When working in the ‘real world’, it can be difficult to run a business with integrity, make honest decisions with regarding co-workers, employees and follow every rule and regulation. It is much easier to cut corners, not follow a safety regulation, or even underpay an employee who doesn’t know they are being underpaid, but it definitely is not ethical. When it comes to being a working Catholic, we need to really focus upon right and wrong, which is where Force for Good: The Catholic Guide to Business Integrity by Brian Engelland explains how to handle situations that may come up in everyday businesses.
Here are a few ways to run an honest business or work ethically from someone who has dealt with some very difficult decisions and came out the other side with his integrity intact.
1. Success is okay
A business needs to make money in order to stay in business. After all, if a business is not making any profit or just breaking even, that business is not going to be open for very long. Only profitable businesses make new products and services which enhance the lives of its consumers. Where companies and executives get into trouble is when they sacrifice employees, products or consumers to keep these profits for themselves and not for new improvements, a living wage for employees or consumer safety in mind.
2. Ethics is all or nothing
A person with integrity will give the appropriate ethical response every time, no matter what the situation. If a company is ethical 98% of the time, but unethical 2% of the time, then it is not an ethical company.
3. Every human worker has dignity
Employees are not commodities to be taken advantage of, overworked and underpaid. They are to be respected, given appropriate time for rest and rejuvenation, and a just and living wage. They also have the right to a safe work environment, both physically and mentally.
4. A just wage doesn’t include cable and an iPhone
According to Dr. Engelland, there are four guidelines to follow when determining “just wage”:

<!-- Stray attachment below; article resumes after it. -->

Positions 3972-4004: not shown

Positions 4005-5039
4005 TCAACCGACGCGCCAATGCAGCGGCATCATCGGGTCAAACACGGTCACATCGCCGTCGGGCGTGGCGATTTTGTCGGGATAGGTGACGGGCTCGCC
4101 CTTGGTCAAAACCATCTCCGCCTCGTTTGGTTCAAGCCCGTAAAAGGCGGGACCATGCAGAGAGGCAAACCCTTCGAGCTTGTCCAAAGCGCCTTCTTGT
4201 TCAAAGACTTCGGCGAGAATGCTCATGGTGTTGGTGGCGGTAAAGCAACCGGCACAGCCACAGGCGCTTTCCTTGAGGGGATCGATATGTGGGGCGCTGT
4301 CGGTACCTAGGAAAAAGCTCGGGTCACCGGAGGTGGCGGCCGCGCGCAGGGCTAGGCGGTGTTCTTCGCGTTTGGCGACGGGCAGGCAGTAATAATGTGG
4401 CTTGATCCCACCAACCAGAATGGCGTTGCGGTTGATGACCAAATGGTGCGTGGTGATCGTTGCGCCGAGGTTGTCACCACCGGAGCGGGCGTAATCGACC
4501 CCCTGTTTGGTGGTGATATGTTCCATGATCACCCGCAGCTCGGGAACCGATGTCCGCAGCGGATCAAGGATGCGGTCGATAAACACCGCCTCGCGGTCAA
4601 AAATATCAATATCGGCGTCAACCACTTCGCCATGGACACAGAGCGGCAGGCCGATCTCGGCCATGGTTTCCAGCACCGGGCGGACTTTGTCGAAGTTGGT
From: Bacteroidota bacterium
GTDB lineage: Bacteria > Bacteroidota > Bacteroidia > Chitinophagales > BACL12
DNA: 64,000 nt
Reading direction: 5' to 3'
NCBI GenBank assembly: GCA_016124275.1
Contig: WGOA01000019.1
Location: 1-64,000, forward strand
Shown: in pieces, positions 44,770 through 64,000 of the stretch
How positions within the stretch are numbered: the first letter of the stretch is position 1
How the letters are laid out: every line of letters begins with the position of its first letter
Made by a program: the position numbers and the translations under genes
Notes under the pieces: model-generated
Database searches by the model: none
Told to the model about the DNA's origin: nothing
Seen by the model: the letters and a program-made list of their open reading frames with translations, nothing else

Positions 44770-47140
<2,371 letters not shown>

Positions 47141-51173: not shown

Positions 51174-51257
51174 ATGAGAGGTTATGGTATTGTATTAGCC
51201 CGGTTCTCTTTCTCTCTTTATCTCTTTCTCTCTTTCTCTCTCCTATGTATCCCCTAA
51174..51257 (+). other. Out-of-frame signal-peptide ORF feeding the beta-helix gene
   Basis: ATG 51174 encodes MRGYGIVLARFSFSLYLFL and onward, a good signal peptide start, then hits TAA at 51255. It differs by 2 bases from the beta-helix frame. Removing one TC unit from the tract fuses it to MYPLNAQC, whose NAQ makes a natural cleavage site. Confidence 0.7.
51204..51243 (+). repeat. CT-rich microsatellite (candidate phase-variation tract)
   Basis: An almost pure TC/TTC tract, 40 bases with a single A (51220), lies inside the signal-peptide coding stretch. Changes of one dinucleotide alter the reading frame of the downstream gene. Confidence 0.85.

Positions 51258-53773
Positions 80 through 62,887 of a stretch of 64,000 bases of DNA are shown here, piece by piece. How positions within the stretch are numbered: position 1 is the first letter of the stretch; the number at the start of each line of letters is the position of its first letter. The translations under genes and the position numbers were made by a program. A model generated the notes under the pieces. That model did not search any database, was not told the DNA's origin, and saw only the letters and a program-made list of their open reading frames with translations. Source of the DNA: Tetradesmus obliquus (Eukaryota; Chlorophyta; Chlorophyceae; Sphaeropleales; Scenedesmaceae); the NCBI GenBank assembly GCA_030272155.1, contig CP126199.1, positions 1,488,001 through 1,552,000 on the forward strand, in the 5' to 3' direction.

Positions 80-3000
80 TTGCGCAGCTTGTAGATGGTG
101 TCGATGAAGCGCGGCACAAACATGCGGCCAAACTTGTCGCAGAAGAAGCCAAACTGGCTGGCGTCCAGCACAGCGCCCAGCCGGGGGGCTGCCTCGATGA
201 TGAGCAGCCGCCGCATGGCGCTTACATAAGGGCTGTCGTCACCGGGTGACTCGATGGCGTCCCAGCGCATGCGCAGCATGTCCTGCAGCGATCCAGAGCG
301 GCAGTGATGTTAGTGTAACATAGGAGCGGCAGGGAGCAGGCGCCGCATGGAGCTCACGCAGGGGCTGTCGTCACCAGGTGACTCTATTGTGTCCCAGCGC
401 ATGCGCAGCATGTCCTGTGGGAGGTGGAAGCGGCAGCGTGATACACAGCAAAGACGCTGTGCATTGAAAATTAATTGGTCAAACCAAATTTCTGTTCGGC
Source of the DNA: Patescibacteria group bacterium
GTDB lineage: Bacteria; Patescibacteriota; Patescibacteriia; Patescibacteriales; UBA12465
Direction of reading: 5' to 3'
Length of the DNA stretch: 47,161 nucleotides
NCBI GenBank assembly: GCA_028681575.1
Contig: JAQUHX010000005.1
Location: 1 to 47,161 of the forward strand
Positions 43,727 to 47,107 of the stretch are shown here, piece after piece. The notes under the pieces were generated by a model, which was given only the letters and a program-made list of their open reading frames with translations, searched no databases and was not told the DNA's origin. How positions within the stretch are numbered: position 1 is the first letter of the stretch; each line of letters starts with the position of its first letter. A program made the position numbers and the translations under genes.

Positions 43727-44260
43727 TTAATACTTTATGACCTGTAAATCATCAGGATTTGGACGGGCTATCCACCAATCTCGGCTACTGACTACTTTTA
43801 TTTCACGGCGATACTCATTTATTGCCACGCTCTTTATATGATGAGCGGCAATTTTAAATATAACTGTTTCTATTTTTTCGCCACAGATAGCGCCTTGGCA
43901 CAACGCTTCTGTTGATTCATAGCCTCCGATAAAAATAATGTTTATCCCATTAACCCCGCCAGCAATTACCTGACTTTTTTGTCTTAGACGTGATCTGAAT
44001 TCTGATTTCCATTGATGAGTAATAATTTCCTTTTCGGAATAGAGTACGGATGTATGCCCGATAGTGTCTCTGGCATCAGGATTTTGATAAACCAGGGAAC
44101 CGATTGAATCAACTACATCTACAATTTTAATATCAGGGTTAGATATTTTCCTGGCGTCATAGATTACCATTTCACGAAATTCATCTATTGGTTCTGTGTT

- Wages should be sufficient to cover the typical obligations of the wage earner’s life, with enough left to save for a rainy day.
- Wages must be sustainable and within the normal economic capabilities of the firm.
- Wages should take into consideration the differences in preparation and skills necessary for different positions, so that the more difficult positions merit higher pay.
- Wages are set at levels that can support a robust economy that produces employment opportunities for everyone who desires work.
5. Honesty is the best policy
Companies need to be honest with their employees, and employees need to be honest with their employer. If information is withheld or skewed to favor the CEO’s point of view, or employee is dishonest about their past employment or cheat in the work they do, then the entire company can suffer from those lies. Only honesty can lead to good decisions for the whole of the company.
6. Personal property = freedom
Socialism is the idea that everything will be provided for the worker by the government, and all that is required is for every worker to put in time at work. While the idea sounds good, what happens when “they” increase the hours or quota to a number too high to meet? Then there is fear by the workers that if the new quotas aren’t being met all that was provided can be taken away. The workers would have no choice but to either comply or have their homes, cars, everything taken away.
Instead, when we own the property we have worked to purchase (can be a house, car, furniture) , then we have the freedom and choice to continue to work those extra hours or find a new job, without fear of those things being automatically taken away.
7. Advertise with dignity
It is common practice that “sex sells” when it comes to advertisements in today’s business world. But instead of accepting that practice, Dr. Engelland writes that “integrity demands that the use of manipulative, exploitative, and corruptive methods of persuasion should be avoided.”
Dr. Engelland is very well versed in his knowledge of how the business world really works and keeps the text interesting with witty stories and smart real world examples. This book is written for the Catholic business person, but it would also be a wise read for anyone who would like to work ethically while still make a profit, producing something good to serve the needs of society, and serving others well. Force for Good: The Catholic Guide to Business Integrity by Dr. Brian Engelland will lead every business person to work with honor and integrity in all the work they do.